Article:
Tuesday, September 21, 2010

love pneumatic tubes

Whilst I haven't posted for a month on pneumaticpost, I have certainly been thinking about pneumatic tubes, reading about them, and posting of a different sort - postcards. From Japan.

Japan. Home of raw fish, tatami mats, pachinko and parasols. Home of love hotels, where rooms are bought at the touch of a button and bills settled via pneumatic tubes (all in the interest of discretion of course)!

I was in Japan for a holiday and to attend the Society for Social Studies of Science's annual meeting. The conference was held at the University of Tokyo, tucked away off tiny streets near Shibuya and the wonderful Japan Folk Crafts Museum. Sessions were held in classrooms with wooden desks and blackboards, whilst crickets chittered in the humid air. I gave a paper about adjustment (here are my slides) and heard some fantastic talks about anatomical museums, biobanks, telemonitoring, online patient feedback systems and genetics. It was a small and friendly conference, and the attendees bonded by hanging out around the pond, guessing noodle dishes or waiting for drinks from the vending machine, paper fans flapping. I hope I'll keep in contact with many of the great people I met there.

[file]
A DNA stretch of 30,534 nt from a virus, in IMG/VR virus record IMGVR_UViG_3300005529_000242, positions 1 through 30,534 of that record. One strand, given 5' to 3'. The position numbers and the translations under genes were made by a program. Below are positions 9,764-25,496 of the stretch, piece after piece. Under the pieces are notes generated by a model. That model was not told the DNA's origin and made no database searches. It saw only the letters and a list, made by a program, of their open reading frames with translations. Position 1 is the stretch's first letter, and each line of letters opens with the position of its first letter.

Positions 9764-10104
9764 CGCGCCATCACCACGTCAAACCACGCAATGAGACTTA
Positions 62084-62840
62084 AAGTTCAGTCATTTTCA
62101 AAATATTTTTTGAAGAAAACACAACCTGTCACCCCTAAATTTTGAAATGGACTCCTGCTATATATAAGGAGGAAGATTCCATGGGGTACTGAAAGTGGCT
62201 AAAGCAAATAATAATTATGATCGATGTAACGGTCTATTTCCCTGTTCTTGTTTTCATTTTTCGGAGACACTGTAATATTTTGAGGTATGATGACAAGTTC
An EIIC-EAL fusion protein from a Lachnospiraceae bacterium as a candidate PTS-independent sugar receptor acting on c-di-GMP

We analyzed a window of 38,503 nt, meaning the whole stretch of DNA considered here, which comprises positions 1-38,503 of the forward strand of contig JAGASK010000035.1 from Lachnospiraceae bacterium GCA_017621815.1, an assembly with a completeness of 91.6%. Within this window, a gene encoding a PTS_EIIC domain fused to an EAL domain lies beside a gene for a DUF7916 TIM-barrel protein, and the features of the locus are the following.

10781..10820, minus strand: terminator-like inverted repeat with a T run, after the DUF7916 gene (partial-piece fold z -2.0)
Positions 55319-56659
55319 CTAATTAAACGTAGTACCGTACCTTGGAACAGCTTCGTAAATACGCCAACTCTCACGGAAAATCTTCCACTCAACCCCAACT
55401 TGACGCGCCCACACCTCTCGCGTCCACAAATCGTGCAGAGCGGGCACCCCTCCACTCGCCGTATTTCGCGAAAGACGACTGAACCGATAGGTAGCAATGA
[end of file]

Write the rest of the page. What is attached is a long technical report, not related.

On the last night of the conference my husband flew in from Melbourne and we continued to explore Tokyo together. The technology around us was often mesmerising. We watched all our fellow subway passengers silently connect to their mobile phones, passed shops with displays of the latest gadgets, saw an exhibition where our biometric data was recorded and we interacted digitally with our fellow gallery goers. And yet, amidst this new technology, alongside the retinal scanning and artificial intelligence, we saw signs of older technologies too. We hopped on a little tram, from one part of Tokyo to another - the last tram in the city - and caught a train with brass fittings and bankers' lights in the dining cart. One night a vintage car hurtled past, with two young hipsters snug and smug inside. There was a certain nostalgia for the technological past, that nestled within a thirst for the new. It is something I often think about in relation to pneumatic tubes, and the nostalgic associations that many people have with them. Something to further consider, and more posts from my time in Japan to come ...

Photos of nostalgic transportation are my own.

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